Chain of Survival

The “Chain Of Survival”

We know through experience that in many medical emergencies and after accidents, people can die within the first few minutes. We also know that if certain simple but critical interventions can be performed within those first few minutes that life can be saved and disability reduced. This is especially the case for heart attacks, choking and injuries that have caused someone to lose consciousness.

Thirty years ago, it was discovered that if a series of events took place, in a set sequence, a patient suffering from a heart attack stood a greater chance of survival. These events are now known as the ‘Chain of Survival’.

 The First Link

When Sudden Cardiac Arrest strikes, an immediate 999 call is crucial; a delay of just a few minutes could prove fatal. By quickly recognizing a medical emergency, a bystander can help save a life.

Could you recognize the symptoms of Sudden Cardiac Arrest ?

Unresponsiveness

Loss of consciousness

Lack of pulse

Cessation of breathing

Sudden Cardiac Arrest is not the same as a heart attack, however, a victim of either condition requires an immediate 999 call.


 The Second Link

CPR or Cardiopulmonary resuscitation is the second link in the Chain of Survival; it is the link that can buy life-saving time between the first link (Early Access to Emergency Care) and the third link (Early Defibrillation).

During Sudden Cardiac Arrest (SCA) the heart twitches irregularly most often due to ventricular fibrillation (VF) and cannot pump oxygenated blood efficiently to the brain, lungs, and other organs. The victim quickly stops breathing and loses consciousness.

Prompt CPR can, however, help sustain life during VF. The mouth-to-mouth breathing and chest compressions help oxygenated blood flow to the person’s brain and heart, until defibrillation can attempt to restore normal heart pumping.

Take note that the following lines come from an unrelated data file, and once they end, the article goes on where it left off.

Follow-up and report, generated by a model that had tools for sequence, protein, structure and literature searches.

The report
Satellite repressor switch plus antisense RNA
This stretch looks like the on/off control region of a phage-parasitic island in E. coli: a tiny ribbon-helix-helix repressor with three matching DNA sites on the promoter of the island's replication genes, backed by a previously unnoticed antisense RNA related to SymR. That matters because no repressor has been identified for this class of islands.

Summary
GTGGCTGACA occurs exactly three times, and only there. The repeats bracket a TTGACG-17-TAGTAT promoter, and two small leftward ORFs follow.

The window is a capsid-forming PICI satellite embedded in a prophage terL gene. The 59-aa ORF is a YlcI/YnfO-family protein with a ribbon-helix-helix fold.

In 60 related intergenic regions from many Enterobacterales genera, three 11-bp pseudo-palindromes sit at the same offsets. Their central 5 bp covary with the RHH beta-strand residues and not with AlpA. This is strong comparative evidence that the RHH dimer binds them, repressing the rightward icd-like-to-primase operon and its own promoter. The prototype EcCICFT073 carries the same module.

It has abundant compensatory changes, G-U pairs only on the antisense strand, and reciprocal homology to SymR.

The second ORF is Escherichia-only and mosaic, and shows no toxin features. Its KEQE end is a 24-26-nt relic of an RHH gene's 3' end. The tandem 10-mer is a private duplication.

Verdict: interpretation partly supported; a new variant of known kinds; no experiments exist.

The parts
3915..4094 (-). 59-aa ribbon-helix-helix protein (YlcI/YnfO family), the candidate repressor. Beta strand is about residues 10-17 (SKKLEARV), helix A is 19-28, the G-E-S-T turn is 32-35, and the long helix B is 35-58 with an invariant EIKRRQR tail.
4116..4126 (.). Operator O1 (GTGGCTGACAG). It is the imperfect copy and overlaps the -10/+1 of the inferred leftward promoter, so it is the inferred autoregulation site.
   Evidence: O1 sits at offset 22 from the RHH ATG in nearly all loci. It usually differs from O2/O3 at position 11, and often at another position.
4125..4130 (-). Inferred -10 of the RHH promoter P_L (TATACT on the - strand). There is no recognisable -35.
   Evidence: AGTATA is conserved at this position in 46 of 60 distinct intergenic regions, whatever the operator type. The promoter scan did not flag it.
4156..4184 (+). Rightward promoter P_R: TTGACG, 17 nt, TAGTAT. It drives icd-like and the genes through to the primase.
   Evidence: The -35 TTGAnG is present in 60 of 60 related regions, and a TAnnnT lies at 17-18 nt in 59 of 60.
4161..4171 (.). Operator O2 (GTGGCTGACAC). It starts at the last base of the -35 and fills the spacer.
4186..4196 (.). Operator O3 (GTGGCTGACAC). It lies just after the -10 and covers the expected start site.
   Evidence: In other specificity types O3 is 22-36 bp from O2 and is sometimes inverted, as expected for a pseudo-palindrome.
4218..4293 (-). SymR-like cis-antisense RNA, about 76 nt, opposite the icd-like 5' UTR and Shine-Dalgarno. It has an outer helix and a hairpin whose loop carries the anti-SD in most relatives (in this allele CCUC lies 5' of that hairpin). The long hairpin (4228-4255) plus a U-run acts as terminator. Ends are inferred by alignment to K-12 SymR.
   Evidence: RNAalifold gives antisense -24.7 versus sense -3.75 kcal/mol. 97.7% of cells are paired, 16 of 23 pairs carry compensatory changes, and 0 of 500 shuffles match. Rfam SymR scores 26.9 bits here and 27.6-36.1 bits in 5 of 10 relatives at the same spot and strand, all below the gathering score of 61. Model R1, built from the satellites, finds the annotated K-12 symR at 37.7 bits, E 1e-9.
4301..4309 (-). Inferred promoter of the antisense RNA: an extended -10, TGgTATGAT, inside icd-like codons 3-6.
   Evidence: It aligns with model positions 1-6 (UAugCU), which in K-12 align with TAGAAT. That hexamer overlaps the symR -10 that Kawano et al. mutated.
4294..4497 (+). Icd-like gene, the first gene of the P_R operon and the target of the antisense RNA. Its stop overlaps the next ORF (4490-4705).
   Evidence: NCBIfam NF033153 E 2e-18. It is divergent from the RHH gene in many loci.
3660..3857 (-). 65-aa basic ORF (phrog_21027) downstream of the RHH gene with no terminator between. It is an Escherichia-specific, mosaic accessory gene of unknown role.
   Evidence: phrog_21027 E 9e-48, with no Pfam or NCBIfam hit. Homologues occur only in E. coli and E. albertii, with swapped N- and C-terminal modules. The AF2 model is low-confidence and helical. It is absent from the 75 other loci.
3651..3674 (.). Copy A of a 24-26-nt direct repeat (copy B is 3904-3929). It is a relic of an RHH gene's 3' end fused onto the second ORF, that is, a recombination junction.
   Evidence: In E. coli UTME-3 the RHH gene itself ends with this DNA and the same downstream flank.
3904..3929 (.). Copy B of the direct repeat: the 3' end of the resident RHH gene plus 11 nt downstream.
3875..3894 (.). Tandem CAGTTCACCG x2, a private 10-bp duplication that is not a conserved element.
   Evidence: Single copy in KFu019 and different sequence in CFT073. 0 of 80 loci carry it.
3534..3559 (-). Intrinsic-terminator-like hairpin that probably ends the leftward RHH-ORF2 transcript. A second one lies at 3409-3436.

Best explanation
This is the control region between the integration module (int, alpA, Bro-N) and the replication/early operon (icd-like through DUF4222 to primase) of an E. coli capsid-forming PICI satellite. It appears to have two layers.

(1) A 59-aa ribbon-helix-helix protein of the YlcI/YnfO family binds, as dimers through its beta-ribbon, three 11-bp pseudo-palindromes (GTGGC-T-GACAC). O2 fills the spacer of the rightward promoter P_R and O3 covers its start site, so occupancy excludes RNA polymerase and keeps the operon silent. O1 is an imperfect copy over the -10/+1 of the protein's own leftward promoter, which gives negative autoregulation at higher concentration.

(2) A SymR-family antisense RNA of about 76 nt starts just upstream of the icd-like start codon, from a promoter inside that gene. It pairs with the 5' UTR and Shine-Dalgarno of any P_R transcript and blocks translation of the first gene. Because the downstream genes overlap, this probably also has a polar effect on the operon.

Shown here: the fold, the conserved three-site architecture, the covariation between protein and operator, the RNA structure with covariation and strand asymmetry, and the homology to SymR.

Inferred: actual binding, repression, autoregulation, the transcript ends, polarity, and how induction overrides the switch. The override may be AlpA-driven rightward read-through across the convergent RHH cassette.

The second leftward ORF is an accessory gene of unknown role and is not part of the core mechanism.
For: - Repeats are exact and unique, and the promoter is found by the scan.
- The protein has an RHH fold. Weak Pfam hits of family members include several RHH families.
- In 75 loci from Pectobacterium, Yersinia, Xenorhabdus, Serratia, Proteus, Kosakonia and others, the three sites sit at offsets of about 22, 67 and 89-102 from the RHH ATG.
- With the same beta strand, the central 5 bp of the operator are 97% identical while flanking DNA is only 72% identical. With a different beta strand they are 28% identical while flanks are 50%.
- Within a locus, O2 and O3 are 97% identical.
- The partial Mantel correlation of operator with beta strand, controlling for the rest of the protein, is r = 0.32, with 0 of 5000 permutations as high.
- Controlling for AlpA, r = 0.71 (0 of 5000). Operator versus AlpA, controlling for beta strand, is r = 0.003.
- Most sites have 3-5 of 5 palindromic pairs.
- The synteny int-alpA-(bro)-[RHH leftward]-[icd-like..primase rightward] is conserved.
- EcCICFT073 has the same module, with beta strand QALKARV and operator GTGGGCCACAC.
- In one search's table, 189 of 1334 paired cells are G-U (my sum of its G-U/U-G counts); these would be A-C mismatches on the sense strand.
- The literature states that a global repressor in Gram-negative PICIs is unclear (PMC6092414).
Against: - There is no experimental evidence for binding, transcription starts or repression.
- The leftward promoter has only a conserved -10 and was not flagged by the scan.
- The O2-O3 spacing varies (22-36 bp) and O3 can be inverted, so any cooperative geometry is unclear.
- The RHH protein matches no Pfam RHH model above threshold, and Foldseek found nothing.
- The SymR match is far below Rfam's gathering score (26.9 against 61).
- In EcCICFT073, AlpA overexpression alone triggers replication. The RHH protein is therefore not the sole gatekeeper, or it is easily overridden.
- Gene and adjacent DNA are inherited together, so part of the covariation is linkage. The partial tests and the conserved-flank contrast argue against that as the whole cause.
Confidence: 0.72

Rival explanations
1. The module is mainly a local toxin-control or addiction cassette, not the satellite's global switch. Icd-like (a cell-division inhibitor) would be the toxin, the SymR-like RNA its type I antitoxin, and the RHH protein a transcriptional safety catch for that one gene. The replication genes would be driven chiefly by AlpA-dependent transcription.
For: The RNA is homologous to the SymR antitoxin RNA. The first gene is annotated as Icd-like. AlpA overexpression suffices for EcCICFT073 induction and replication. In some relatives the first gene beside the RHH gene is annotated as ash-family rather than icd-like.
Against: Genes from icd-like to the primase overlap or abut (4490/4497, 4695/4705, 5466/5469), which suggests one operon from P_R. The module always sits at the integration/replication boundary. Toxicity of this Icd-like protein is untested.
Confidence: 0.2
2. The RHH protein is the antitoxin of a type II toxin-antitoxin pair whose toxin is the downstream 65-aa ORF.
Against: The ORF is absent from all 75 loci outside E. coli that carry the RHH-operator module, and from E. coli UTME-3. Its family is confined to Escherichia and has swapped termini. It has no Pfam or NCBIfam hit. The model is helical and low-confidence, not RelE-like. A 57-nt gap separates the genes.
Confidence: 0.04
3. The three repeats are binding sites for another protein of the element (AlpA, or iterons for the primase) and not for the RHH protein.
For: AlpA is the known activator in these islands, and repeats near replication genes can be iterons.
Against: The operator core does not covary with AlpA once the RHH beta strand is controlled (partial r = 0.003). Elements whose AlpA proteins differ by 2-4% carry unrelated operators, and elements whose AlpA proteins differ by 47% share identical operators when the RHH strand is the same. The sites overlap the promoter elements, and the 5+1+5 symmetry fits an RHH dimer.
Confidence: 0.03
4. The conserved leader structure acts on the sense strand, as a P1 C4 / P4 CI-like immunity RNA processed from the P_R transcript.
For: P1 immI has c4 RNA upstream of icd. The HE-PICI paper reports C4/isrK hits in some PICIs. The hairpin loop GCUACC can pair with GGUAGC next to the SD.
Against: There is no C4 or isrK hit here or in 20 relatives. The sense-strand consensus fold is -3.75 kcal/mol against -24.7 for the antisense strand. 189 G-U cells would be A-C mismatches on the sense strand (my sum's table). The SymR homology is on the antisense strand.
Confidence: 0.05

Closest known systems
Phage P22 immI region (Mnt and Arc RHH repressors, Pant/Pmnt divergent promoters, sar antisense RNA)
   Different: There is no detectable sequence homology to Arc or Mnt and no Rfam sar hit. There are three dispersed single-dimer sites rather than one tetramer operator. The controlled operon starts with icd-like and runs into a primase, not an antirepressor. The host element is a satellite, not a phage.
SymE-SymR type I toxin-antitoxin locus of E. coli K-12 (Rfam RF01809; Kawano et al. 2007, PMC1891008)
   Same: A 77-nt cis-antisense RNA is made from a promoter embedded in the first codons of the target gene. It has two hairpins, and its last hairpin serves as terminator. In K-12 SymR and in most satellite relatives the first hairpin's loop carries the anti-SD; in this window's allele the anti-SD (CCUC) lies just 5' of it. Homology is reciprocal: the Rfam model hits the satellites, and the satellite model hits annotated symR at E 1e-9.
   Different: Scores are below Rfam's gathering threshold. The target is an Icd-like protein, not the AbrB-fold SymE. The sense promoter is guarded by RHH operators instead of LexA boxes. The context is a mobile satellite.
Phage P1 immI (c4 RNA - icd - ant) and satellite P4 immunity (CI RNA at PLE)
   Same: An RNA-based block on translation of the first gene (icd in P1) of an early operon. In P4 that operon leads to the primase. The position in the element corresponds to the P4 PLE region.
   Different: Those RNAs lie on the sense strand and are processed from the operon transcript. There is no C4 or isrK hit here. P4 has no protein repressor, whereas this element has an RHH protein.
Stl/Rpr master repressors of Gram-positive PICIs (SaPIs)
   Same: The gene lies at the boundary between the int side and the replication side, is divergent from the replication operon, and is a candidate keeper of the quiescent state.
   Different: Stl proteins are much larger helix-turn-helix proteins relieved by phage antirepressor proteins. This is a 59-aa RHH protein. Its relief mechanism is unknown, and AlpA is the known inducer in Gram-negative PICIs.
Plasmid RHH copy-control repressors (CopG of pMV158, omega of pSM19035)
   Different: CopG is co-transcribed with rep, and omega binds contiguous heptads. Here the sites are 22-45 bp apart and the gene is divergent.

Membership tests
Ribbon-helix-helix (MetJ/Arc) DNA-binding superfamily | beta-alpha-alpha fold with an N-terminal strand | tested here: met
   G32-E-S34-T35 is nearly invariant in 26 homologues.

The Third Link

Although it is an important link in the Chain of Survival, CPR alone cannot fully resuscitate a person in SCA. Early defibrillation is the third and perhaps most significant link. Most SCA victims are in ventricular fibrillation (VF), an electrical malfunction of the heart that causes the heart to twitch irregularly. Defibrillation, the delivery of an electrical shock to the heart muscle, can restore normal heart function if it occurs within minutes of SCA onset.

When CPR and defibrillation are provided within eight minutes of an episode, a person’s chance of survival increases to 20 percent. When these steps are provided within four minutes and a paramedic arrives within eight minutes, the likelihood of survival increases to over 40%.

 

The Fourth Link

The fourth link in the Chain of Survival is advanced care. Paramedics and other highly trained EMS personnel provide this care, which can include basic life support, defibrillation, administration of cardiac drugs, and the insertion of endotracheal breathing tubes. This type of advanced care can help the heart in VF respond to defibrillation and maintain a normal rhythm after successful defibrillation.

The trained EMS personnel monitor the patient closely on the way to the hospital, where more definitive diagnostic evaluation can occur.

Would you like to be a First Responder?

There are no pre-requisite skills required. Volunteers will receive all necessary initial training from South East Coast Ambulance Service, and CHART first responders meet together monthly to share experiences and receive training and news updates.

The minimum commitment required is 4 or 5 hours a week, when you would be on call from your own home.

If you are interested or have further questions, please contact CHART

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